WASHINGTON -- State treasurers urged the Municipal Securities Rulemaking Board yesterday to delay adopting any new rules governing political contributions until the board has fully analyzed the complex issues involved.
Lucille Maurer, president of the National Association of State Treasurers, made the plea in a two-page letter addressed to Charles W. Fish, the chairman of both the MSRB and Fish & Lederer Investment Counsel Inc. in Orange, Calif.
The letter was delivered to Fish yesterday as the MSRB started its four-day quarterly meeting this week in Colorado Springs, where it is expected to consider regulatory options aimed at quelling growing controversy over heavy political contributions by market participants to issuers.
Maurer, who is the Maryland state treasurer, warned that federal regulators may violate states' rights if they try to require state and local officials to disclose in official statements any political contributions received from dealers and other market participants. She said that the political contributions arena is an extremely complex one and that the board may be getting in over its head in trying to issue rules on the subject.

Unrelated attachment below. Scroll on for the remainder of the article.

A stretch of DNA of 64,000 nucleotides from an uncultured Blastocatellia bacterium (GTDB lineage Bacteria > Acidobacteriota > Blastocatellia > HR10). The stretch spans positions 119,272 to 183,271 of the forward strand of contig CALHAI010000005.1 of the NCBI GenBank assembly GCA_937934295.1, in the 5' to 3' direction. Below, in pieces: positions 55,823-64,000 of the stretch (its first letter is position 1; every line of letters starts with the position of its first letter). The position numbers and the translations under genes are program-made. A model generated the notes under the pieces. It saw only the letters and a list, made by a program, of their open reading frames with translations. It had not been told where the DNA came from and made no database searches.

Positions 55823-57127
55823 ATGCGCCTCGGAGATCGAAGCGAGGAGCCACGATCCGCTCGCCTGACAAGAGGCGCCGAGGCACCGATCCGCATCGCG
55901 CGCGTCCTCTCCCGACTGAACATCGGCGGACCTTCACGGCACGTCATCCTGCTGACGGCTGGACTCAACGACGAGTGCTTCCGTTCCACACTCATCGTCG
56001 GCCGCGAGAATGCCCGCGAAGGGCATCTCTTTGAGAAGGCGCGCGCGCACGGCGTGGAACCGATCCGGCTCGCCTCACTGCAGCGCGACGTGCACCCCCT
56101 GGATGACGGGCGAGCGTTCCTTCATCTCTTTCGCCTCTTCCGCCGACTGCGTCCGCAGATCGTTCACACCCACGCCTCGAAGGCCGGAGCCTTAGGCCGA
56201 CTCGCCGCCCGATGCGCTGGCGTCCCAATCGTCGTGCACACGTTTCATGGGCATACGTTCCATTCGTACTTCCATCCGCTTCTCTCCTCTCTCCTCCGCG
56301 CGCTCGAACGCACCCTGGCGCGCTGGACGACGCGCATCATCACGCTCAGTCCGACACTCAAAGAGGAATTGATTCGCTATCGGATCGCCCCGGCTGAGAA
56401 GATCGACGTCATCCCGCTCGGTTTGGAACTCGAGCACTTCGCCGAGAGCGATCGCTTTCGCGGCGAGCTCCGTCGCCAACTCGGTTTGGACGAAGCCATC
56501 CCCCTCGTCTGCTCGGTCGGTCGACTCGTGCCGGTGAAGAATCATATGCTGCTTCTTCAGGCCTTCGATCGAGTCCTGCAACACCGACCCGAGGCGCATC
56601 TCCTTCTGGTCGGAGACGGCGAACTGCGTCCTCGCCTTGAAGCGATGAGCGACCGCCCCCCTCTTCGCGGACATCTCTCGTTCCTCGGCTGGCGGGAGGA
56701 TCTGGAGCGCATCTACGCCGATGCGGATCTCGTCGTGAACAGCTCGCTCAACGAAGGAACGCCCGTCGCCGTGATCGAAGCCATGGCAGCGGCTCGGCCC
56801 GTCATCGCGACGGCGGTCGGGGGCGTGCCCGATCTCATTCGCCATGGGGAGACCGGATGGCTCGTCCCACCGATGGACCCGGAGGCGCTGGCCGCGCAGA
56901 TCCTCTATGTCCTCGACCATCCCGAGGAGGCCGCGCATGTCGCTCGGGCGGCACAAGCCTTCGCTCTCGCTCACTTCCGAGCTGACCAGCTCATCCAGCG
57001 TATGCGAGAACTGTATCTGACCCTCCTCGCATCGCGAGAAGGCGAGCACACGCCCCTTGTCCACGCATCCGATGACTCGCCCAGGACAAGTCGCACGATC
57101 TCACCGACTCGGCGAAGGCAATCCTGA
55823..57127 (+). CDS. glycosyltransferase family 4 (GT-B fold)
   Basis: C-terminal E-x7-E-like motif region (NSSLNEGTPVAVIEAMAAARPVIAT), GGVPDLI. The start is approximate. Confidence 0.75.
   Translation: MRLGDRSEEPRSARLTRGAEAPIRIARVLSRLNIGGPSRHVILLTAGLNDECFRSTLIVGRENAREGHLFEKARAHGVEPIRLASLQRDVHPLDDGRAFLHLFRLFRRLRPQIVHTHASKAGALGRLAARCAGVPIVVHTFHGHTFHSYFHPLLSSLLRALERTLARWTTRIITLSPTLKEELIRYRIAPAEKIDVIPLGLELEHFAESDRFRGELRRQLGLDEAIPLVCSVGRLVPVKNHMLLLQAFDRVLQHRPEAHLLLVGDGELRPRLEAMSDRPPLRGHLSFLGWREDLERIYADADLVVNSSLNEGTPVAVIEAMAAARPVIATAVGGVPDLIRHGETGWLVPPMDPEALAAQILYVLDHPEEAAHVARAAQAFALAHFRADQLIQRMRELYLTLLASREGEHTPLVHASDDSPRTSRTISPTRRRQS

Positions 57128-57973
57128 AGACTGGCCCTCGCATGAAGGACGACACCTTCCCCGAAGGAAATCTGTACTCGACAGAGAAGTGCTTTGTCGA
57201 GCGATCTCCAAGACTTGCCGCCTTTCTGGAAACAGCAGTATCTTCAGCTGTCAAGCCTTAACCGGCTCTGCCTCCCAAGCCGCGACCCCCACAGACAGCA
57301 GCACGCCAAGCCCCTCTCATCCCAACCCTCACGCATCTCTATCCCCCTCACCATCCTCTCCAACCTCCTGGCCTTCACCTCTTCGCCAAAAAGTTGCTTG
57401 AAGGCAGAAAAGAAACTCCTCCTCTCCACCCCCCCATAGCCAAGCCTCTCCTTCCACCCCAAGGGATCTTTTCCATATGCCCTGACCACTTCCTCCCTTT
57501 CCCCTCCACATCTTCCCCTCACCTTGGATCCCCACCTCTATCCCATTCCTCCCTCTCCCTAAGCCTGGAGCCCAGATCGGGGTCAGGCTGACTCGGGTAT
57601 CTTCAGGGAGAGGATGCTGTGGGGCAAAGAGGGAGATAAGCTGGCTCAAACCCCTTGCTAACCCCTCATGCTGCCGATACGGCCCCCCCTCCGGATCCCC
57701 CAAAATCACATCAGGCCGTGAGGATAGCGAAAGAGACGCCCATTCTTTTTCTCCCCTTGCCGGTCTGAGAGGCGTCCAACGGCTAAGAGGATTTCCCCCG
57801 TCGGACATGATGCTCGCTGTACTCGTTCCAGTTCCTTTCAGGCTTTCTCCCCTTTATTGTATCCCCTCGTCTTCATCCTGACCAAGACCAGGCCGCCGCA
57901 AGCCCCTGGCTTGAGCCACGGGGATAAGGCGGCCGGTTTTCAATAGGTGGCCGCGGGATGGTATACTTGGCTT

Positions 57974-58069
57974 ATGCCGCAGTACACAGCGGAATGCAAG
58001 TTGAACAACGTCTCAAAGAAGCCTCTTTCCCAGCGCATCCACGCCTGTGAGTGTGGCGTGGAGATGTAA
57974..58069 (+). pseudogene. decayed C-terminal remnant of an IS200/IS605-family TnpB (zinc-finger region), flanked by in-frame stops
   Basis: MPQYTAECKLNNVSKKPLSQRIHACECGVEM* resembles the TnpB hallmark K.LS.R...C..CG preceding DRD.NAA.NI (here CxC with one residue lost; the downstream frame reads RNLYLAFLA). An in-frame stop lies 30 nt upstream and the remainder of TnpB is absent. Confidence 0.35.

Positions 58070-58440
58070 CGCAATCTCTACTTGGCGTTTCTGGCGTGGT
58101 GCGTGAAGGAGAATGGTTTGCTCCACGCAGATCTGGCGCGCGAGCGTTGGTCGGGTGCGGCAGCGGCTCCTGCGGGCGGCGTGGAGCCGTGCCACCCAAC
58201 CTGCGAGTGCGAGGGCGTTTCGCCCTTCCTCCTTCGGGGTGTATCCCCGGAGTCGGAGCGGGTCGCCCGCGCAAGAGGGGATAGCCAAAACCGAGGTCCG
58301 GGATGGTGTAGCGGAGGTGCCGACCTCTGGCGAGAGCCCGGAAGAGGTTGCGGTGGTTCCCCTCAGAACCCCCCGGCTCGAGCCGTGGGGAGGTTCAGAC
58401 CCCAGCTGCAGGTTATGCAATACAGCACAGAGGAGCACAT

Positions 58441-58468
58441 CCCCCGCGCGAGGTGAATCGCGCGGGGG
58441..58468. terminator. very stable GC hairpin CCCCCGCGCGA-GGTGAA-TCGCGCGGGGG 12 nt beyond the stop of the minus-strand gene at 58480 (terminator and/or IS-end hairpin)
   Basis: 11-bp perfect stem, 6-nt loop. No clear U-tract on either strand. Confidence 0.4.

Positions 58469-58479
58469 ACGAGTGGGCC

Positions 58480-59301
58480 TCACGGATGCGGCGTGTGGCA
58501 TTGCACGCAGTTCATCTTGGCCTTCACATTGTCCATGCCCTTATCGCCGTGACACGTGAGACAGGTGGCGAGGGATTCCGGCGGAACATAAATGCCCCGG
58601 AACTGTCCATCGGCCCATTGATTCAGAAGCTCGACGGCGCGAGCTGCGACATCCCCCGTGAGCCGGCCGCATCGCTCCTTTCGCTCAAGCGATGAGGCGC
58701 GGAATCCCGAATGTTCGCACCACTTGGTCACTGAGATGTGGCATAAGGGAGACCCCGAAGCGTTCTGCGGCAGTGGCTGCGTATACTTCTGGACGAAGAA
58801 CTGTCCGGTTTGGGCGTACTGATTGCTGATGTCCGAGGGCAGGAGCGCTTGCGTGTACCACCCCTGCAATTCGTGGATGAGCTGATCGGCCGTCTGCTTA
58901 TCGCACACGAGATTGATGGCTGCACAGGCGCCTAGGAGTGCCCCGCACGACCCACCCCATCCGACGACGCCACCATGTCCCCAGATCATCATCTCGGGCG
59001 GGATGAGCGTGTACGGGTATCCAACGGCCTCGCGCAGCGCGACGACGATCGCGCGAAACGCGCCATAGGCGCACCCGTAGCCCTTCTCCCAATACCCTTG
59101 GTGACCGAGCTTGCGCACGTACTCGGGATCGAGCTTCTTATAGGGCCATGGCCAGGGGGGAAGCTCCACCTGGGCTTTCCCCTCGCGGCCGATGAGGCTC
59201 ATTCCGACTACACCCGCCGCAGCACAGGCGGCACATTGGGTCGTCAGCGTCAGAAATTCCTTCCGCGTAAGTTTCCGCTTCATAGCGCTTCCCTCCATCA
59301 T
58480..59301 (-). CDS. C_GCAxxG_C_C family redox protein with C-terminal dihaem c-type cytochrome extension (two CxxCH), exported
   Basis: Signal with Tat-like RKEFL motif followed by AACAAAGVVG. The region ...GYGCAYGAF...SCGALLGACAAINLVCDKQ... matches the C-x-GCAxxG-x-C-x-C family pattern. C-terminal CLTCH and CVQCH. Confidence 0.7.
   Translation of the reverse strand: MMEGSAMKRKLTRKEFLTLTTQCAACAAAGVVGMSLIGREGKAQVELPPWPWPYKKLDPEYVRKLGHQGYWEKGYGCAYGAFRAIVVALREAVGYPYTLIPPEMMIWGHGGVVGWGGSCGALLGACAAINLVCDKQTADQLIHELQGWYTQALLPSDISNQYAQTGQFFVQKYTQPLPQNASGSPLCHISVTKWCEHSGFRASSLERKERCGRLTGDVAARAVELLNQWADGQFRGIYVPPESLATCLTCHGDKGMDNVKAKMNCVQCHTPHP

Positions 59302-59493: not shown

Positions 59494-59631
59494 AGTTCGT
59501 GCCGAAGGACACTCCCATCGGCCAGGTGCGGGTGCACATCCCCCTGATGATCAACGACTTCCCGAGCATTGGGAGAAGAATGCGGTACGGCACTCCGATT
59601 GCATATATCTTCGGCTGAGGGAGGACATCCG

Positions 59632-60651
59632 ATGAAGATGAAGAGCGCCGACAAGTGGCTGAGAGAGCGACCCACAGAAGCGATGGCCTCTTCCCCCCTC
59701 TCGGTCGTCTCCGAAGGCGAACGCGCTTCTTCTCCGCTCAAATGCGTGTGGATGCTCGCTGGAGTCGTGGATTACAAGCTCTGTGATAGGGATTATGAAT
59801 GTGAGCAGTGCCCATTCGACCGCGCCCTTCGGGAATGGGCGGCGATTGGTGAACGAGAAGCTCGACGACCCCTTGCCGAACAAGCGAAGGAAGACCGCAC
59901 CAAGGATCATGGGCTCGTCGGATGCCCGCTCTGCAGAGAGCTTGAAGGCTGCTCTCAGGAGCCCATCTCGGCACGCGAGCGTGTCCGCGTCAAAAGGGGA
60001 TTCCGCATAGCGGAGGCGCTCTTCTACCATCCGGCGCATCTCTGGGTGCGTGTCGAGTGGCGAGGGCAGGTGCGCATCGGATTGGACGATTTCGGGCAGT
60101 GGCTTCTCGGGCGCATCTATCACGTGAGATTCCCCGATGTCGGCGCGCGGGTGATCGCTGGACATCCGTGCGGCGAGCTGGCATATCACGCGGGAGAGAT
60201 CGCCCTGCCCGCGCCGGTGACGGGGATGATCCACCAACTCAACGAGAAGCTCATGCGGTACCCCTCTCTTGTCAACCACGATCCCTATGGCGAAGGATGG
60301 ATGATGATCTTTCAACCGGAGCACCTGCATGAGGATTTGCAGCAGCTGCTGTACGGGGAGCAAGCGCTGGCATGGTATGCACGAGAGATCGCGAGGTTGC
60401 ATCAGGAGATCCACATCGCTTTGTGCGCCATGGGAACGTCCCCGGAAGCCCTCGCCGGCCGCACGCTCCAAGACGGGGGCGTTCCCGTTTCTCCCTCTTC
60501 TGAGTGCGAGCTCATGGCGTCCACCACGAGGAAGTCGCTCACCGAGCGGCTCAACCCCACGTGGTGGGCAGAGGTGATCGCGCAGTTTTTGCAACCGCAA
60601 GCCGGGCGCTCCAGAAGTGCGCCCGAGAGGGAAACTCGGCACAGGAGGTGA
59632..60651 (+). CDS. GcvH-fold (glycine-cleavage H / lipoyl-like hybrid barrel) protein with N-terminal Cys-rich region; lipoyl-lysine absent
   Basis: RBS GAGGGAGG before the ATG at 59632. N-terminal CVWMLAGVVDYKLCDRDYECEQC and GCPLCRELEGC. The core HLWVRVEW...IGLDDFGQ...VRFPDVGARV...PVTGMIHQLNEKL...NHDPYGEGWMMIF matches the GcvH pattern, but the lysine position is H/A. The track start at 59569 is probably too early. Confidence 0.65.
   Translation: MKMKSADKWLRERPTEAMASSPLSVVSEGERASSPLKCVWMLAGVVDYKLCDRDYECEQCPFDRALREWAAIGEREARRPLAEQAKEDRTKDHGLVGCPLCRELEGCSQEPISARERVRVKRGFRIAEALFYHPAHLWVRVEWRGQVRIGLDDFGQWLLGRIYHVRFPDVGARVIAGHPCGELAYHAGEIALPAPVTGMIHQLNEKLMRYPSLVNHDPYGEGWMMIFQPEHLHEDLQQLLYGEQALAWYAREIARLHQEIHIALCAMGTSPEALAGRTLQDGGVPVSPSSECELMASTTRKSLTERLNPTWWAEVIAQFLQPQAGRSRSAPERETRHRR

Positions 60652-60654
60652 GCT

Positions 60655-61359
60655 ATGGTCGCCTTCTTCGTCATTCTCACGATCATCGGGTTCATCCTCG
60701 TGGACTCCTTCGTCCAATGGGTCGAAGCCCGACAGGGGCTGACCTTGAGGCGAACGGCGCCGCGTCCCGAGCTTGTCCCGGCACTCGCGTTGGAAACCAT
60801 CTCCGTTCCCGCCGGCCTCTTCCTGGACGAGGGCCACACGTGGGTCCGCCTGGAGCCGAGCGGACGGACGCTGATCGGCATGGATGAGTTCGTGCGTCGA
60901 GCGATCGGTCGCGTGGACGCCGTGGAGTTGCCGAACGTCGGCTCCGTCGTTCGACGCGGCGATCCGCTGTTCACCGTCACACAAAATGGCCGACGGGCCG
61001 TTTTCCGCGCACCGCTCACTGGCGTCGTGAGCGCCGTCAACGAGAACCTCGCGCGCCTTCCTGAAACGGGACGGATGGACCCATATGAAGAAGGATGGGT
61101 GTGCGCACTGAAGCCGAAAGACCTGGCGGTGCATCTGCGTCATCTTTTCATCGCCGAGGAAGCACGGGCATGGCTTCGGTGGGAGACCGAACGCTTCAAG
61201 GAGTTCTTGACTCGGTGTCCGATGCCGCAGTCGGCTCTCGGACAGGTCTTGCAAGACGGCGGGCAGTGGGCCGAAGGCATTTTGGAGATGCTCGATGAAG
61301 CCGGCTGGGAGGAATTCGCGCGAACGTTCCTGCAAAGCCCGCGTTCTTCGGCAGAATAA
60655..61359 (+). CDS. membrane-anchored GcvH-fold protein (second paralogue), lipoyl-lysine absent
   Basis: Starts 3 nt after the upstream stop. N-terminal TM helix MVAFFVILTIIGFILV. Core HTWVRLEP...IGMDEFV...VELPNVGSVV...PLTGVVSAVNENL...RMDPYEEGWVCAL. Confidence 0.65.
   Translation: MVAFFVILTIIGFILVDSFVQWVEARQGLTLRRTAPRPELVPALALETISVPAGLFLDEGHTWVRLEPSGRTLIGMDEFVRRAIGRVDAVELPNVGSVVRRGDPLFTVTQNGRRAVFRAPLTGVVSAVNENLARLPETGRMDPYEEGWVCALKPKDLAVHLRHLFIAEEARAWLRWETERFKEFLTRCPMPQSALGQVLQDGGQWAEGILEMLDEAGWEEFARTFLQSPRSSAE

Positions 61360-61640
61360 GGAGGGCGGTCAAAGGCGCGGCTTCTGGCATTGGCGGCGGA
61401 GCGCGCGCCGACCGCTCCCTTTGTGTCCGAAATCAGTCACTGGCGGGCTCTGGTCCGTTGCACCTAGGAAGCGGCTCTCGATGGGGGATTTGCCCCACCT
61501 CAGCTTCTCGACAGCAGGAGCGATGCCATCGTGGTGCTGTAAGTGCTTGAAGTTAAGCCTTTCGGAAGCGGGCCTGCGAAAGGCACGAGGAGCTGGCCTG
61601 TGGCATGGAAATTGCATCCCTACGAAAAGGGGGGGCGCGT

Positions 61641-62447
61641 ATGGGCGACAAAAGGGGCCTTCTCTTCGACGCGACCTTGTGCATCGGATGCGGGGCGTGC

"This raises an issue of whether the federal government should intervene in the election laws of the individual states." Maurer said. [Moreover], until you have explored the web of complexities with state officials represented by such organizations as ours, and those representing governors, attorneys general, and others, it is premature to take action."
The NAST's letter came a day after the Public Securities Association issued a three-page policy statement urging the Securities and Exchange Commission to require issuers to disclose through the MSRB's central repository in Washington political contributions from all players competing in an offering.
The MSRB does not have authority to require such disclosure by issuers, but the board can recommend that the SEC propose such a rule.